Kelly Lehman is the owner of Cranbury Fields Flower Farm and shows everyday gardeners how to grow amazing flowers on her Youtube Channel.
What to Do If Your Hydrangeas Have Flopped Over
Huge rainstorms can be disastrous if you have a garden full of blooming hydrangeas. Annabelle hydrangea flower heads get so large that when the rainwater gets trapped on their petals, it often makes them fall to the ground.
If you've pruned them, this is even more likely, as the flowers are on new growth, which means a floppier stem than hydrangeas that come in on last year's wood. When you have floppy stems combined with super heavy flower heads, they're likely to drop to the ground as soon as they get soaked.
Luckily, when that does happen, it's not a big deal.
How to Fix Collapsed Hydrangeas (4 Ways)
There are a few easy ways to fix fallen hydrangeas. Here are the best methods I've found.
1. Prop Them Against One Another
Sometimes I'll just pick up some of the heavier flower heads and prop them up against each other. Since these gals also have a giant leaf-support system, a lot of times they'll just kind of support each other.
Gently shake off some of the water and prop them up against each other. Once the rest of the rain evaporates off the flower heads, they should stay upright again.
2. Create a Support System With Dowels
Other times it's just too much to handle, so I have to step in and add some more structure. Luckily, this won't change the appearance of your hydrangeas unless you're looking closely. I like to use wooden dowels (your local hardware store should have these) and twine.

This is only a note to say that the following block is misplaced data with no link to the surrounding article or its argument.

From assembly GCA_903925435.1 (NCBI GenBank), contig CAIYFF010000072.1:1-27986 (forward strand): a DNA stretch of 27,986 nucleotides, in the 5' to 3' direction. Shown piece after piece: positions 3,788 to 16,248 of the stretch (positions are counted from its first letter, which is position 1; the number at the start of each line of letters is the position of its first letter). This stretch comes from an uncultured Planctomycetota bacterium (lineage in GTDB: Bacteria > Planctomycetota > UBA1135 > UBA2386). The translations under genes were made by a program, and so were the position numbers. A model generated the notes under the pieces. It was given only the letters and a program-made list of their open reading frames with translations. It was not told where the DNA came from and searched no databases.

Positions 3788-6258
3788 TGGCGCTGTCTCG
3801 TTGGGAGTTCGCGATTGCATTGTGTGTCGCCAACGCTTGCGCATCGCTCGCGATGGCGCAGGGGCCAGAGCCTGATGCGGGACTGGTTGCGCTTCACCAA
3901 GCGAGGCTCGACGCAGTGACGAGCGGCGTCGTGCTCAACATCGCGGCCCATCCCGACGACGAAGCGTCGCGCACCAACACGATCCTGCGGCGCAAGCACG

- Hammer a wooden dowel on either side of the plant.
- Pick up four to seven of your heaviest stems (make sure they look healthy and sturdy).
- Tie the stems to the dowels with a little bit of twine.
Note: Make sure that you don't have them tied really tight together. If the blooms are too crowded, they might start having mold issues and fungal issues. So make sure that you have a lot of space for the plant to have some airflow.
3. Zip-Tie Them Together
If you don't feel like fussing with the dowels, you can just use zip ties. In the photo above, I added two or three zip ties together, got a whole bunch of the sturdiest stems (I had probably four or five in there), and gently zip-tied them together.
As with the dowel method above, be careful not to tie the stems together too tightly—airflow is critical to keeping your plant healthy.
4. Cut Off Any Cracked or Broken Stems
If you come across stems that are cracked or broken or flower heads that are dead or mushy, just cut them right off. Sometimes this will alleviate the pressure from the plant and they'll just spring right back up!
How to Keep Hydrangeas From Falling Over
A way to alleviate this problem altogether is to put some tomato cages or some peony support cages in the center of the plant at the beginning of spring before any of the new growth even starts.
As the stems start to grow, they'll come up through the cage and wind up having a stronger support system in place from the get-go. It's a really easy way to get your hydrangeas to stand upright.
Want More Hydrangea Care Tips?
- Why Aren't My Hydrangeas Blooming? (7 Reasons and Solutions)
From overwatering to "winter zap," here are seven different reasons you might be struggling to get your hydrangeas to bloom and what you can do to change that!
- Should You Prune Annabelle Hydrangeas? (Care Tips and More)
Do you really need to prune Annabelle hydrangeas? No! It's entirely up to you. Here are the pros and cons of pruning.
- Why Hydrangeas Droop and What You Can Do About It
Kelly Lehman explains how to determine if your drooping hydrangea is flagging or dehydrated.
This content is accurate and true to the best of the author’s knowledge and is not meant to substitute for formal and individualized advice from a qualified professional.
© 2021 Kelly Lehman
Peggy Woods from Houston, Texas on July 09, 2021:
That is a great idea to use tomato cages to help support the hydrangeas. Thanks!